MR. BURNS: Do we have a position on how it should be used?
Q Whether Israel should permit them to use it as they see fit?
MR. BURNS: This is obviously a controversial issue, and I think it is best, as in all controversial and sensitive issues pertaining to the Middle East peace process, to allow the Israelis -- the Palestinians and the Israelis to work this out between themselves.
I think you know we've had a position on our own access to Orient House and our own participation there that's been consistent over the years. I think you know our position is that we do not conduct official business at Orient House. We conduct official business in Gaza and in Jericho, mostly in the past with the Palestinian Authority. From time to time our Consulate General -- at Jerusalem -- officers have for many years participated in meetings there; attended meetings and receptions there. But we've never conducted diplomatic business there. We do that now with Chairman Arafat in the two places that I mentioned.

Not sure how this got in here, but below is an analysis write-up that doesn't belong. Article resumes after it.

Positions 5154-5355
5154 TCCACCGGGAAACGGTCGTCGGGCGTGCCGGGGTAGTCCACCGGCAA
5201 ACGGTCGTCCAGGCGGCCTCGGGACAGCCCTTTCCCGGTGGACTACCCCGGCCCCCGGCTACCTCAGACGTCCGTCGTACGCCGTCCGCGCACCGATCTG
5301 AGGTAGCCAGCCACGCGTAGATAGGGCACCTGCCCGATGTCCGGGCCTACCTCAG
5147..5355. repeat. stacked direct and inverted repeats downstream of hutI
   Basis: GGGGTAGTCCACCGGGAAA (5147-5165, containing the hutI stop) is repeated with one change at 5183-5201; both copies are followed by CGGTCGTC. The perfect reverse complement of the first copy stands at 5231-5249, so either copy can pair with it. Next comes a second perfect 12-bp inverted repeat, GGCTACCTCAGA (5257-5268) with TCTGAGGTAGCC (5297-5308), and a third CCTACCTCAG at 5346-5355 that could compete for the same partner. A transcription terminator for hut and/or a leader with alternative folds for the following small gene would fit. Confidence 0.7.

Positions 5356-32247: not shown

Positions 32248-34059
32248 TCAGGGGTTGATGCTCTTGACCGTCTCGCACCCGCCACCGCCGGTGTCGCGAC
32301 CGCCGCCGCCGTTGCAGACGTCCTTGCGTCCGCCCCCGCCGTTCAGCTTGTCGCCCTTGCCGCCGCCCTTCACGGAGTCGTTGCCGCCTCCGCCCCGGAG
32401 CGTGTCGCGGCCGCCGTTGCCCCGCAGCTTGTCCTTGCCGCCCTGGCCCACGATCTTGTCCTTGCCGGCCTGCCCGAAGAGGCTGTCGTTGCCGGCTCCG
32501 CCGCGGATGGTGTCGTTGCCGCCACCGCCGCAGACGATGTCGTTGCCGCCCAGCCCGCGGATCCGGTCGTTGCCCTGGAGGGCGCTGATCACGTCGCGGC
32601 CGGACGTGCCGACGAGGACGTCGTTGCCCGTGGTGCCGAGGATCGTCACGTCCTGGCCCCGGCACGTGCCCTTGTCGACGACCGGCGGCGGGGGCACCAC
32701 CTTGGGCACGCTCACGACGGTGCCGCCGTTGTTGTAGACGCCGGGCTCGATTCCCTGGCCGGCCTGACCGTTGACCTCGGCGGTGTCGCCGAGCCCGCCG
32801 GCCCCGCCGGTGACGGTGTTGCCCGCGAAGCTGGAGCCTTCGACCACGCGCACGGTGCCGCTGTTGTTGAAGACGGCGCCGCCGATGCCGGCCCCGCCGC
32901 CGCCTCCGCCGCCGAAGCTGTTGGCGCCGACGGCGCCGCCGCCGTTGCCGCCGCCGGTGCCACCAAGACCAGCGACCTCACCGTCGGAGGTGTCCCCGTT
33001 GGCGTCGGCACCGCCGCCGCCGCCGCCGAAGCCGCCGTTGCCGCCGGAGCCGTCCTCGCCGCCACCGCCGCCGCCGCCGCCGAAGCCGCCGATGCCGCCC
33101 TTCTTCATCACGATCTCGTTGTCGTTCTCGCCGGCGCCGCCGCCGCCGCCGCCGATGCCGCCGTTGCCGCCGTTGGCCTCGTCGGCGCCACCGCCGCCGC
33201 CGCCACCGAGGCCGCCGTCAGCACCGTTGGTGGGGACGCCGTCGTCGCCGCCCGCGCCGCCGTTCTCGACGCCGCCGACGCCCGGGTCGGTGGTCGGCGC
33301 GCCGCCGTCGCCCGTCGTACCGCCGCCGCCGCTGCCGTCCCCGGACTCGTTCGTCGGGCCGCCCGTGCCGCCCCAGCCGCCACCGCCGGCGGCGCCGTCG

Q Would you conduct official business there?
MR. BURNS: I said we have not in the past, and I believe we don't have any plans to do so. Chairman Arafat is based in Gaza. When Secretary Christopher sees him, it's normally in Gaza or at Erez, which is on the Gaza-Israel border. Sometimes the Secretary goes down to Jericho and meets him at the Government House there.
Ed Abington, our Consul General, travels throughout Gaza and the West Bank to meet Palestinian officials. But officials from Ed Abington's consulate general do not conduct business at Orient House. They attend receptions, and there is a distinction to be made there.
Q Ultimately, who do you think -- who has sovereignty, so to speak, over the Orient House?